Act 1, Scene 1 of Carrie Suggs and Thad Brown’s story features the most familiar of romantic comedy devices: the “meet-cute.” The curtains open to the students in a fluorescent-lighted, white-walled classroom at Gallaudet University on the first day of the fall semester. The year: 2009. The subject: theater. The first impression: very bad.
Signing through an interpreter, Brown says: “I remember the first day of class, she pretty much — not like, interrupted the professor, but was like, ‘I need to talk to you about my HONORS PROGRAM.’ ”
Suggs: “I did not do that!”
Brown: “She was the honors student and needed to make sure that everyone knew it.”
Suggs: “What’s wrong with that? I was proud of it.”
Flash-forward to a later act — not the final one, because this production is still just beginning. This time, another familiar theatrical device: the play-within-a-play. And this scene is a wedding.
Suggs, 29, and Brown, 22, are getting married July 21, and if you’d like to see their ceremony, you’re invited to buy a ticket. This is not a breach of etiquette — Carrie is no bridezilla — but rather, a necessity for the good folks at the Faction of Fools Theatre Company, which is staging the wedding in its Capital Fringe Festival show “3rd Annual Fool for All: Tales of Marriage and Mozzarella .” It is the first-ever Fringe wedding, which founder Julianne Brienza said is “a big deal.”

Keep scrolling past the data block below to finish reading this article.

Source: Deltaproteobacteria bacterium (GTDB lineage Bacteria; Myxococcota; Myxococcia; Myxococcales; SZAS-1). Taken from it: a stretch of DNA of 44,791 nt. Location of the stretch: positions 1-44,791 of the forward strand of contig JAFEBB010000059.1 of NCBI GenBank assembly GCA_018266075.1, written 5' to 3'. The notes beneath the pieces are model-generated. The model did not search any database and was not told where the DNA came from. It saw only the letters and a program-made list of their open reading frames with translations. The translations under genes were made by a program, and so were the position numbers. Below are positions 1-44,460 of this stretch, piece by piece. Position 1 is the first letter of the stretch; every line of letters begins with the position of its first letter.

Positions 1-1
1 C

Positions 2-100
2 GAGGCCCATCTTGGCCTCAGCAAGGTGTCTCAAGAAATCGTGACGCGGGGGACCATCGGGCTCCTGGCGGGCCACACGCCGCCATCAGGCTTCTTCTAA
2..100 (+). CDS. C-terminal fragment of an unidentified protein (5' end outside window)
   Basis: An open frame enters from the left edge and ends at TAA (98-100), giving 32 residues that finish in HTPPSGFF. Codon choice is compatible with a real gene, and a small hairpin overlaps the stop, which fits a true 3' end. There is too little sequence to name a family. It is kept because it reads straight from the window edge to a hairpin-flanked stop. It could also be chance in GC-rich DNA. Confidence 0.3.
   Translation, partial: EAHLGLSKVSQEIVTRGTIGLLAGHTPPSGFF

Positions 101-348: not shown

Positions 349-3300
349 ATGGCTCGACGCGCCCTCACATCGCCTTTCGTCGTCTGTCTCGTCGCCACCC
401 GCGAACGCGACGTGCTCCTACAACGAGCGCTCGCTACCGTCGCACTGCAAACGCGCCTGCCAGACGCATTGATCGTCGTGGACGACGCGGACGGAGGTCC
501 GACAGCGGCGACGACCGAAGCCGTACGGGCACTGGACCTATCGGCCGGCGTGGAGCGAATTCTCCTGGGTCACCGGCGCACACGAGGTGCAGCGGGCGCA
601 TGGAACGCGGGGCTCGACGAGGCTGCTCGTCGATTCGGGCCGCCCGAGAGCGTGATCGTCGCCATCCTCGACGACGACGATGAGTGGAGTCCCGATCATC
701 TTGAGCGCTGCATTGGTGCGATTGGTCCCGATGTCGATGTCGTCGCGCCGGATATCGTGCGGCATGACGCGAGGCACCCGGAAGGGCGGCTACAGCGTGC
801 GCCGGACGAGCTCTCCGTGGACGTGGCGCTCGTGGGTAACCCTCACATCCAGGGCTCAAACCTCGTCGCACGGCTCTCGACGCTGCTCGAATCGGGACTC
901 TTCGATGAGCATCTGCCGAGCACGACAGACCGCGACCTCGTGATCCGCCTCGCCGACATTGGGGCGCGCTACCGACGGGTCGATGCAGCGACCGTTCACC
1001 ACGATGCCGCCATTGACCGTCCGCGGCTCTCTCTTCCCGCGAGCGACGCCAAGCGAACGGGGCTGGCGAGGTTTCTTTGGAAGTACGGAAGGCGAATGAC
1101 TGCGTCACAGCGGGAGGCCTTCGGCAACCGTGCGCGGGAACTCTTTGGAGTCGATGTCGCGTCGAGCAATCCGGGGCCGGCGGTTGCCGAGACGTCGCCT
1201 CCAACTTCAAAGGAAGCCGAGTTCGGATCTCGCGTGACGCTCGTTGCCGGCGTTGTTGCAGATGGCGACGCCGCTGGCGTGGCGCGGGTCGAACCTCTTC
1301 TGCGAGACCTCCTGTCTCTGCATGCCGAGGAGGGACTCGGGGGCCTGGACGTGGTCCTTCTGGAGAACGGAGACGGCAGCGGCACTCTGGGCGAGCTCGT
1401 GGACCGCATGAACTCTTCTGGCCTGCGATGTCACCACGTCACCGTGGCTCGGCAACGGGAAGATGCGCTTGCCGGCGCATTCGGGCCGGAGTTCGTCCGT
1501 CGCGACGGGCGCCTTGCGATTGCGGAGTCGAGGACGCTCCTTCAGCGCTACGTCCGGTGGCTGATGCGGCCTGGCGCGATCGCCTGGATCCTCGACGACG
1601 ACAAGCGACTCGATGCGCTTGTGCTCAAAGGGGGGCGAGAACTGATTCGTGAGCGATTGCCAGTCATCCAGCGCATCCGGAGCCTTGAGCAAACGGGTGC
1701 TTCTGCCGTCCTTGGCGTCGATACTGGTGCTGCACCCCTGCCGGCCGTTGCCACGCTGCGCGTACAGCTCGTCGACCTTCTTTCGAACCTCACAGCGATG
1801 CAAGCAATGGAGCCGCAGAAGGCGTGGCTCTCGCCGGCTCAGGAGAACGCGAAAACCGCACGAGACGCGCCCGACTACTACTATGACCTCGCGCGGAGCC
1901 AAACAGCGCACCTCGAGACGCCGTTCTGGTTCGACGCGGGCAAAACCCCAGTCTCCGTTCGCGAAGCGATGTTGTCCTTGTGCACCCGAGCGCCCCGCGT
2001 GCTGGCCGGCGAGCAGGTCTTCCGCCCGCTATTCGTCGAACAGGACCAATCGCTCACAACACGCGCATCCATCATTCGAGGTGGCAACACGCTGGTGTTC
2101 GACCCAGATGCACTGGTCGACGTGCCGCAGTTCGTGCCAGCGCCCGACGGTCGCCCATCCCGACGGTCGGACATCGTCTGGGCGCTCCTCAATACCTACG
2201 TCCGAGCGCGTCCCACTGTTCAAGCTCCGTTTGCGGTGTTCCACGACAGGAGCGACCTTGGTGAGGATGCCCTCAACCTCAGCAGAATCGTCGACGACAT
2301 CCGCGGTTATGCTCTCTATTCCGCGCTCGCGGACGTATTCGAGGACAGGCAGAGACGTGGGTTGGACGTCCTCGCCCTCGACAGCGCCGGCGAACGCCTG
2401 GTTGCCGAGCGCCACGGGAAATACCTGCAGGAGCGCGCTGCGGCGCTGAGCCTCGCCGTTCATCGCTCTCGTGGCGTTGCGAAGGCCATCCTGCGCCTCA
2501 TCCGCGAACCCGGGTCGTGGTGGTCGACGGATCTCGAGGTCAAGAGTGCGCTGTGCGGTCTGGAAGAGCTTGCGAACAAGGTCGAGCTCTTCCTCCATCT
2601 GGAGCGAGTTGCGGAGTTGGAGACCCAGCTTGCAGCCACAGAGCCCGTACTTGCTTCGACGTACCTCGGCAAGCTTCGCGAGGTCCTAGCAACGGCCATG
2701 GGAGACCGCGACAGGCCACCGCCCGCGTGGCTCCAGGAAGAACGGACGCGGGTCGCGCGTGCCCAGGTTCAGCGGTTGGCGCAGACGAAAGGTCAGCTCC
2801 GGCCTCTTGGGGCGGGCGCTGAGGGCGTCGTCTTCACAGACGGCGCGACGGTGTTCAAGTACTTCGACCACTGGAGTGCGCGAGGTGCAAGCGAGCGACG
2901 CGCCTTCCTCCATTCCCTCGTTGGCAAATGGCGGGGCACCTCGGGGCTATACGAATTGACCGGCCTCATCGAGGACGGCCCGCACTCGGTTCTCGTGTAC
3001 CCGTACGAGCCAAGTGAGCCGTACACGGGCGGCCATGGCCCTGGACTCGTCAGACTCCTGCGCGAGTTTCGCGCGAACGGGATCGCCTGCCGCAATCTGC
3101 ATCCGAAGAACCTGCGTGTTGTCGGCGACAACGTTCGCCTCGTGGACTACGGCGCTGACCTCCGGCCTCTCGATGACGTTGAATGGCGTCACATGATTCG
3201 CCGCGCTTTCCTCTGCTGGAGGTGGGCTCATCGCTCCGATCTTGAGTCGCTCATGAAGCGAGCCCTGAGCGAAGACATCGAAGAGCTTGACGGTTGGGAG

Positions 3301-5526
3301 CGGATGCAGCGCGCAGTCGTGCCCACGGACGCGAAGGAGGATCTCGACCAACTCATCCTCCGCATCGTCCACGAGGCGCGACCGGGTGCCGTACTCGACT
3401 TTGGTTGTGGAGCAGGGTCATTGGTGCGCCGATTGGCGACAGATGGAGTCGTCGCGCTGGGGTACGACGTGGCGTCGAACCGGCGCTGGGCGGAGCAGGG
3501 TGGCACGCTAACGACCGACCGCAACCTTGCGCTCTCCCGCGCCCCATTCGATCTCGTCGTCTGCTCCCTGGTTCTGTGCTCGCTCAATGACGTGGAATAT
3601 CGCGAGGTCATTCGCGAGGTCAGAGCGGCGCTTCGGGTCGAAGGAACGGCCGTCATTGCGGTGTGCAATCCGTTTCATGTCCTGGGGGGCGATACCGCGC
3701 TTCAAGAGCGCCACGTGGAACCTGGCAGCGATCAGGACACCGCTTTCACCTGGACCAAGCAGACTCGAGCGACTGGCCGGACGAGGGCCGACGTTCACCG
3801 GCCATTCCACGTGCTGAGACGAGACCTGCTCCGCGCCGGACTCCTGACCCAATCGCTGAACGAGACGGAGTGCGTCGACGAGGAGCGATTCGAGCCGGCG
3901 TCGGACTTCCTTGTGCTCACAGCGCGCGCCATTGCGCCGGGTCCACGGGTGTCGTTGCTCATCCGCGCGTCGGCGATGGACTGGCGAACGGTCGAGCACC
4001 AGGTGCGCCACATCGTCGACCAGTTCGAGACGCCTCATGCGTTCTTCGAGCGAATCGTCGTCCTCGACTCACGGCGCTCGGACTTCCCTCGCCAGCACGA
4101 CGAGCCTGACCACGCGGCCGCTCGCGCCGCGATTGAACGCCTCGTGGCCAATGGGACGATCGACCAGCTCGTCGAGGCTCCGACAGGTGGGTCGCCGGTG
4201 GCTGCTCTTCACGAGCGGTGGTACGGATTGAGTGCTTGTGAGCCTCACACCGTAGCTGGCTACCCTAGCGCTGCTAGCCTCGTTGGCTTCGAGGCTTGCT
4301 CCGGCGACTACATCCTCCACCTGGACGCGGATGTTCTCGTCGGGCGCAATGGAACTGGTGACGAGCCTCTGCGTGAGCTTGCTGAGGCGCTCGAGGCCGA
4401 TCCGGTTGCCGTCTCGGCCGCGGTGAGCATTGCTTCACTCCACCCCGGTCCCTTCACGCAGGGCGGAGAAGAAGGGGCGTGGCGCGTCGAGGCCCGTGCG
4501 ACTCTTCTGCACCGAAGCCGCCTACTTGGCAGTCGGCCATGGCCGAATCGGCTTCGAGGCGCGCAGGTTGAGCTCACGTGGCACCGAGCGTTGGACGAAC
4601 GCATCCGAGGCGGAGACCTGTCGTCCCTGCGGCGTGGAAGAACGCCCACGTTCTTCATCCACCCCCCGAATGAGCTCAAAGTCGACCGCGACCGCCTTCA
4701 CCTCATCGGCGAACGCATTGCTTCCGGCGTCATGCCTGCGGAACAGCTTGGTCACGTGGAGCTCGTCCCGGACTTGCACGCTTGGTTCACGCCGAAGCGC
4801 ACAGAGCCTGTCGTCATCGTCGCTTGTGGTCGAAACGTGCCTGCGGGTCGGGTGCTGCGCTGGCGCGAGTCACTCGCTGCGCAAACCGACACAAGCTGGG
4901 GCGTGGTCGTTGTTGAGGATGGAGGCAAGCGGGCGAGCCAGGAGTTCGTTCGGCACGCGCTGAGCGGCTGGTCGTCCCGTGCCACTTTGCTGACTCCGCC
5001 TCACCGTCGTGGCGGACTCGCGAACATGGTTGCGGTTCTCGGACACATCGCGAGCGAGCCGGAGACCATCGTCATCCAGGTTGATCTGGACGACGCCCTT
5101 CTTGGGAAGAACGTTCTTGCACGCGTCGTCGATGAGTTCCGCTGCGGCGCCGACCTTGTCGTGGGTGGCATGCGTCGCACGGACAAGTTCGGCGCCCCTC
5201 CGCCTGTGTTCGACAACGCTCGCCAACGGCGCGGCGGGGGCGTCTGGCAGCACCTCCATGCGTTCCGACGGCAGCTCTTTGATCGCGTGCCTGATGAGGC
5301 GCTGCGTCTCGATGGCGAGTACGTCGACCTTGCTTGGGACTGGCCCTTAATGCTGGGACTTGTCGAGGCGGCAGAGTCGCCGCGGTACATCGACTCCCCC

But the reason Suggs and Brown are getting married onstage is because they don’t want to make a big deal of it.
“It took the burden off of me,” said Suggs, through interpreter Lindsey Snyder, director of access for Faction of Fools. “Someone else gets to plan it, someone else takes control of the whole thing, which is very cool.”
“It’s nice because we’re both poor college students,” Brown said. “We want to get married, but we don’t want to spend all that money.”
“And I really don’t want a traditional wedding,” Suggs added. “The little girl’s white wedding — that’s not really who I am.”
Suggs is a D.C. native, a mom and, yes, an honors student. She has tattoos, a septum piercing and a Mia Farrowesque pixie haircut. She was 19 when she had her son, Alexander, who is now 9; his arrival pushed back her college plans.
“I kept getting distracted,” she said. “I took a gamble and applied to Gallaudet, and I got a full four-year scholarship. I got some grant money to get books, and there was a little left, so I got this.” She points to a half-sleeve tattoo of cherry blossoms on her left arm. “When I graduate, I’ll get the color.”